Lovett Brook (Good Sam Area) Master Plan
The Lovett Brook area is located at the intersection of Routes 24 and 27 in northwest Brockton. The site is anchored by the Good Samaritan Medical Center and includes the headquarters of Harbor One Bank and the Original Tommy Doyle’s Pub and Grill. Lovett Brook bisects the site, which contains a broad mix of office, retail, residential, and auto-oriented uses. Oak Street and North Pearl Street are lined with active businesses, although one is located directly over the brook. However, the interior of the site on the west side contains a single house, a small strip mall, and the concrete pad and parking lot of a former movie theater (closed in 1999, demolished in 2015).
MassDevelopment sponsored this planning process with a grant from its Site Readiness Program. The consultant team is Innes Associates with Tighe & Bond and RKG Associates; they are assisting the City of Brockton, the Brockton Redevelopment Authority, and MassDevelopment.
The first phase of this project is this land use plan for the underutilized area around the Good Samaritan Medical Center. The focus of this plan is to take advantage of the existing medical center with appropriate uses related to the life sciences sector and add other uses that are complementary to the existing neighborhood and provide amenities to attract employers and employees.
More information about the planning process and a copy of the draft plan can be fount at https://www.lovett-brook-brockton.com/
The City of Brockton is identifying reinvestment and development strategies to invigorate the local economy and revitalize community assets of the Campello Neighborhood.
Strategies include introducing new land-use types that increase density and diversity of use, amending existing zoning, and using development models like Transit-Oriented Development (TOD) to expand commercial and residential offering and improve transportation infrastructure for pedestrians.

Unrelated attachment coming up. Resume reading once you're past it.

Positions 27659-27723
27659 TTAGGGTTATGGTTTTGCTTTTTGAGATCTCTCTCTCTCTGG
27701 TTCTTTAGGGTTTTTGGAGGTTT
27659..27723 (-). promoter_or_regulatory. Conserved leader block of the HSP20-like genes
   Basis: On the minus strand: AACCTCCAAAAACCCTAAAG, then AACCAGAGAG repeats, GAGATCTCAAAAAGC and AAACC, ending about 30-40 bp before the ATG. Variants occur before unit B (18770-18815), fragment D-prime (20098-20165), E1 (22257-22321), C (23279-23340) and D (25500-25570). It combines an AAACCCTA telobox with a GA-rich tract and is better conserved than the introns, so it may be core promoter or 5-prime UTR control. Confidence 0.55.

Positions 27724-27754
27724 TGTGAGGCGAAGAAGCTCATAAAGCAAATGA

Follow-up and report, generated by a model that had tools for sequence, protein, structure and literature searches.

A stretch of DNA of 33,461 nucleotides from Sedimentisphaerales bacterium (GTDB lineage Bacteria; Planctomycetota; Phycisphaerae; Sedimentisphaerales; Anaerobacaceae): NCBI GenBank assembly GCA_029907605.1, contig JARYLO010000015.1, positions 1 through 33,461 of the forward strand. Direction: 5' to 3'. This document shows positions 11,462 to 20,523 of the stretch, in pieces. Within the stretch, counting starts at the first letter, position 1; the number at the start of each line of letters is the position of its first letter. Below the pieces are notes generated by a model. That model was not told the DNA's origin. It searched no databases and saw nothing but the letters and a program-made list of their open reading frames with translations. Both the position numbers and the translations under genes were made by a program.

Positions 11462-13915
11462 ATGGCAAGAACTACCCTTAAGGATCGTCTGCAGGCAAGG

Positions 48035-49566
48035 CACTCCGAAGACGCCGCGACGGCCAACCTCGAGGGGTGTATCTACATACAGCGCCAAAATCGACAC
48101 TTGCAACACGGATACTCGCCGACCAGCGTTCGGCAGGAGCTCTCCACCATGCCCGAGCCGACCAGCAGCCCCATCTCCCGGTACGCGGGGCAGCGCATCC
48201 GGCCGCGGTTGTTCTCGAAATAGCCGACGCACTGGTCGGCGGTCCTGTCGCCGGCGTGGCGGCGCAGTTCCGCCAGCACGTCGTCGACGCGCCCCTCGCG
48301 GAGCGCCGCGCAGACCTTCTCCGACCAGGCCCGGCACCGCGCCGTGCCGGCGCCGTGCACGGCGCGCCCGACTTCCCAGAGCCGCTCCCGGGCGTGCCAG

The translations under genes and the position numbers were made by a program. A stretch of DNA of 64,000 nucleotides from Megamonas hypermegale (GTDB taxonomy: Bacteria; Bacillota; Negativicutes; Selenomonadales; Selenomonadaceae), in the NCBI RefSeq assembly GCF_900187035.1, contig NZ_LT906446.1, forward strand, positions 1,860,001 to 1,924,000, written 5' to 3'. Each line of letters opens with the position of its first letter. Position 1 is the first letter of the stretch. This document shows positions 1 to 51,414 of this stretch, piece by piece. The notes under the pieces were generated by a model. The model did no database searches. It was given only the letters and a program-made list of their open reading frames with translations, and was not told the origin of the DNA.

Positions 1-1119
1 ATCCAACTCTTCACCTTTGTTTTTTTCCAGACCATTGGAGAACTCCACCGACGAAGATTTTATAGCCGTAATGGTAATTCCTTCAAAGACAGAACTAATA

This effort will focus on leveraging existing assets including transportation infrastructure like the Campello MBTA station, public parks and open spaces like Keith Park, and historically relevant features such as the Franklin building. It also identifies solutions for addressing contemporary challenges impacting the neighborhood like vacant storefronts and buildings to be put back into revenue service, empty lots where new residential and commercial uses could be established, and a combination of lack of open spaces and parks in poor maintenance. This document provides a review of existing conditions from previous studies, including market forces of the Campello neighborhood; summary of the public outreach process of both residents and business community; and recommendations for preferred development and land-use as identified by community members and stakeholders to encourage reinvestment in the Campello Neighborhood.
The Department of Planning and Economic Development is working with Old Colony Planning Council for developing a Campello Neighborhood Business District and Southern Main Street Visioning Plan.
The area for the Campello Neighborhood Business District and Southern Main Street Visioning Plan is located in and around the traditional Campello neighborhood in the southern end of Brockton.
The Plan includes a review of existing conditions within the Plan area, a review of past studies that have focused on the area, multiple public participation events to obtain community input from local stakeholders, business owners, and city officials.
The Plan will result in a series of recommendations and implementation strategies that are designed to spur greater residential and economic activity within the area.
Thatcher Street Smart Growth Overlay District
The City is working with the Sisters of Jesus Crucified and the Archdiocese of Boston Planning Office for Urban Affairs on a proposed MGL Chapter 40R Smart Growth Overlay District at the Our Lady of Sorrows Convent on Thatcher Street.
MGL 40R is a zoning designation that would allows denser residential or mixed-use development near transit stations, in areas of concentrated development such as existing city and town centers, and in other highly suitable locations. An application is currently under review by the Massachusetts Department of Housing and Community Development (DHCD) before being submitted to the Brockton City Council for consideration.
Our Lady of Sorrows Convent/261 Thatcher Street Next Steps
Planning Office for Urban Affairs has submitted an application to the Planning Board to create a 175-unit multi-family residential development the Property in a manner that complies with the requirements of the Article XIX of the City of Brockton Zoning Ordinance for the Thatcher Street Smart Growth Overlay District and will create a sustainable, healthy, vibrant and diverse community.